Bringing together services in dietetics, exercise and sports science, clinical exercise physiology, nursing, pharmacy, physiotherapy and psychology, patients can access individual consults and small group activities as part of their tailored plan.

Inga Cahill M: 0402 900 121

Five questions for Dr Nga Phan

This month we spoke to Dr Nga Phan, General Practitioner at the UQ Health Care Cornwall Street Medical Centre.

 What inspired you to pursue a career as a general practitioner?
As a general practitioner, what I enjoy most about my work is the variety of health problems that I get to see and treat.  I am the first point of contact for medical issues for my patients and most of my patients will continue to see me in the long term for advice and treatment.

General practice also offers excellent work prospects.  Everyone will need to see a doctor at some point in their lives and with a growing population, the demand for services is great.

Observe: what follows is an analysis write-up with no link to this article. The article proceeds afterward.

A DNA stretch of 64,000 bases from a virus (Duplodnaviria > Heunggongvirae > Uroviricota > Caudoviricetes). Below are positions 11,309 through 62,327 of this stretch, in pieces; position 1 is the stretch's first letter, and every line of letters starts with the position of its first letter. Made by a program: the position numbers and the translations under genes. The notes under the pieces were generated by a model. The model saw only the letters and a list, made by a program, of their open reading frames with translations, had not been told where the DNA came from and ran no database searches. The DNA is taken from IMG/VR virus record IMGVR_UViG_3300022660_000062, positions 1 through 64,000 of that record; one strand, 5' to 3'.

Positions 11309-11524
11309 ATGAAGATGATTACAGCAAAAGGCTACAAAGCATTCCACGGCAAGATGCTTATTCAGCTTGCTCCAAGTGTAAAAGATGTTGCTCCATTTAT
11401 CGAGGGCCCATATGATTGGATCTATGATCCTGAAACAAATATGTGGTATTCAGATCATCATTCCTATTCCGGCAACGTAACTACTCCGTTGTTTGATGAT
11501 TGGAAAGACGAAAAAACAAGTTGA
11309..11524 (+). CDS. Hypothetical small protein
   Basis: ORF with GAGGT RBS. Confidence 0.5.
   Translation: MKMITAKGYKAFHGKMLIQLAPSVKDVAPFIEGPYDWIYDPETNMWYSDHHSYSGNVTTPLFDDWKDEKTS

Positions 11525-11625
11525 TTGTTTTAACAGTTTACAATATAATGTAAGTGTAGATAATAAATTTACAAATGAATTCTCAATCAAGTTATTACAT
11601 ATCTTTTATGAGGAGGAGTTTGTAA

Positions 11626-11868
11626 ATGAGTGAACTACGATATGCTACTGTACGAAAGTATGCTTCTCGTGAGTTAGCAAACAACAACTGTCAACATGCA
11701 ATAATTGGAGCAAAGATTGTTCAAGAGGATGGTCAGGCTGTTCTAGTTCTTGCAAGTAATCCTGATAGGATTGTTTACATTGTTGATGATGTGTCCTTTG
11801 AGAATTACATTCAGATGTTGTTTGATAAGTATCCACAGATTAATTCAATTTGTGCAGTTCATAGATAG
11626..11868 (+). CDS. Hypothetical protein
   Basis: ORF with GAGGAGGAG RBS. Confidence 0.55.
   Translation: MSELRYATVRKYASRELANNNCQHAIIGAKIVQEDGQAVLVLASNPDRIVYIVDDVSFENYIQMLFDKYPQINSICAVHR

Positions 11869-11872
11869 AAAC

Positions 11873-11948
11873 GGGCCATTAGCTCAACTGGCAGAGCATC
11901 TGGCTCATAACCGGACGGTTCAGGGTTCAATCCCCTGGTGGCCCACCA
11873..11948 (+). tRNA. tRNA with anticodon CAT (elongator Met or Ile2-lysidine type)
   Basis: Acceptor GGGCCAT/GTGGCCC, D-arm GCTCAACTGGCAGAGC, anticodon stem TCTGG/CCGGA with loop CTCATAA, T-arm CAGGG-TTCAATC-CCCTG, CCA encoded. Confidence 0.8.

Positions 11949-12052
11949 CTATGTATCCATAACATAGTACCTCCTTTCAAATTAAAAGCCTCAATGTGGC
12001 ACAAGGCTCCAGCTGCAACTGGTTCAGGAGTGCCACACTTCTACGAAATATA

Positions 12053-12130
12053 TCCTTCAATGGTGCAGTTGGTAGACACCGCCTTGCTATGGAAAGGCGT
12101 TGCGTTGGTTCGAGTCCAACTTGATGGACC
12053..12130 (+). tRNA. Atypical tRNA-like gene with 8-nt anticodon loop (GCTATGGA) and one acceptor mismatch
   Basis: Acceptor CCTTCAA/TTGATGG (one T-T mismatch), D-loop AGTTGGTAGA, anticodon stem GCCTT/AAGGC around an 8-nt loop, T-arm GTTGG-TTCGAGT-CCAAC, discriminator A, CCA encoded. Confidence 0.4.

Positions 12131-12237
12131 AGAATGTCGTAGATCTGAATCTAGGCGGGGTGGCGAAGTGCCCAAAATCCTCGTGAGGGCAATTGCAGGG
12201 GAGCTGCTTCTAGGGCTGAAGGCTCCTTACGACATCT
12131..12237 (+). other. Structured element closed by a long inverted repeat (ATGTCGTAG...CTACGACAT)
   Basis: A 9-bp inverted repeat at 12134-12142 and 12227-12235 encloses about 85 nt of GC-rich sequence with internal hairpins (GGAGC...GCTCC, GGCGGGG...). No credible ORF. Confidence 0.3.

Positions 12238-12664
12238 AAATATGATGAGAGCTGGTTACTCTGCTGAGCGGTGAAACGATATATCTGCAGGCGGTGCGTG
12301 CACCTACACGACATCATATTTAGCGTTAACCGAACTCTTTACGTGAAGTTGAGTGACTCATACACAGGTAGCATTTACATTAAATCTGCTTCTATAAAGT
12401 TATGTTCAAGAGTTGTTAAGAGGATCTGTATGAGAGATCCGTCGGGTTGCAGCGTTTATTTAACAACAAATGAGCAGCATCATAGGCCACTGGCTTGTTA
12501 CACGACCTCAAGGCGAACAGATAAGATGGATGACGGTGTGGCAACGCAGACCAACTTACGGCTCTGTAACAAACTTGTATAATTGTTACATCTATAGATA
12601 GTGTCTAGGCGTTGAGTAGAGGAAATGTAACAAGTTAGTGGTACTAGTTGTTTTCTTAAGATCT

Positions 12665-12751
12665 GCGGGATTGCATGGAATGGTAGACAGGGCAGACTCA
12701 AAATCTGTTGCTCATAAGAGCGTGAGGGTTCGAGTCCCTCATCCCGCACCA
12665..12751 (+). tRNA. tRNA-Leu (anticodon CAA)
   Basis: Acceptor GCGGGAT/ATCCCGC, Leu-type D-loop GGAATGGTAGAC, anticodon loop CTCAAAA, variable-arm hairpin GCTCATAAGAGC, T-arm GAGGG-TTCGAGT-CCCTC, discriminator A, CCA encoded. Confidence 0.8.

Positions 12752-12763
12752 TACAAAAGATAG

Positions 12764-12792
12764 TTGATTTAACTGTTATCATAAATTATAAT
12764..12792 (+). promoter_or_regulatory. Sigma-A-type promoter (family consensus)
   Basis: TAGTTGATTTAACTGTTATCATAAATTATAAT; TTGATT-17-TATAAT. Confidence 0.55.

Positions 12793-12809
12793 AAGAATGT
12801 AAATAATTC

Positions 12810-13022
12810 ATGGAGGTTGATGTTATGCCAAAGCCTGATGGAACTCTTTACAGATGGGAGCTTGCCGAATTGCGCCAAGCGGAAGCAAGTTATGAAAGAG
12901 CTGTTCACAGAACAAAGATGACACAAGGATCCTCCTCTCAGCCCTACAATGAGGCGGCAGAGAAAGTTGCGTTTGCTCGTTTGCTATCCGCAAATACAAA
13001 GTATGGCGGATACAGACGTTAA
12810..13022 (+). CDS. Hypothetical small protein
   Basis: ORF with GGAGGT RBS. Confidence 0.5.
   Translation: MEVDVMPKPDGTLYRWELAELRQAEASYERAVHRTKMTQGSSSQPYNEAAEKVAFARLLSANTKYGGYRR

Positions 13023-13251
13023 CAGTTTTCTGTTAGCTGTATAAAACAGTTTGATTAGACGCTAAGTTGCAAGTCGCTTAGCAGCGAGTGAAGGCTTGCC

What does a typical day look like for you?
On a typical day, I usually spend around eight hours consulting and half an hour on administrative work.  I see patients and their families from all ages and provide a range of services from treating acute and chronic illnesses to providing preventative health and health education.

What aspects of your role do you enjoy the most?
I am a general practitioner with a special interest in ear, nose and throat disorders.  In particular, I have an interest in chronic sinus disease. I have completed a Master’s degree in this area.  My workplace is also well equipped to allow me to perform ear examinations and cleaning using microscope suction.

What are your interests outside of work?
Maintaining a good work-life balance is important to me and general practice allows me to fulfill this.  I play tennis three times a week and jog/cycle most other days.  I am also a keen traveller and enjoy visiting other parts of Australia and overseas with my family and friends.

What do you love about living in Brisbane?
I love living and working in a metropolitan area.  Living in Brisbane, I enjoy the warmer climate.  I also think that our city has beautiful architecture, parks and riverfronts.



Everything you can possibly do to avoid the dreaded flu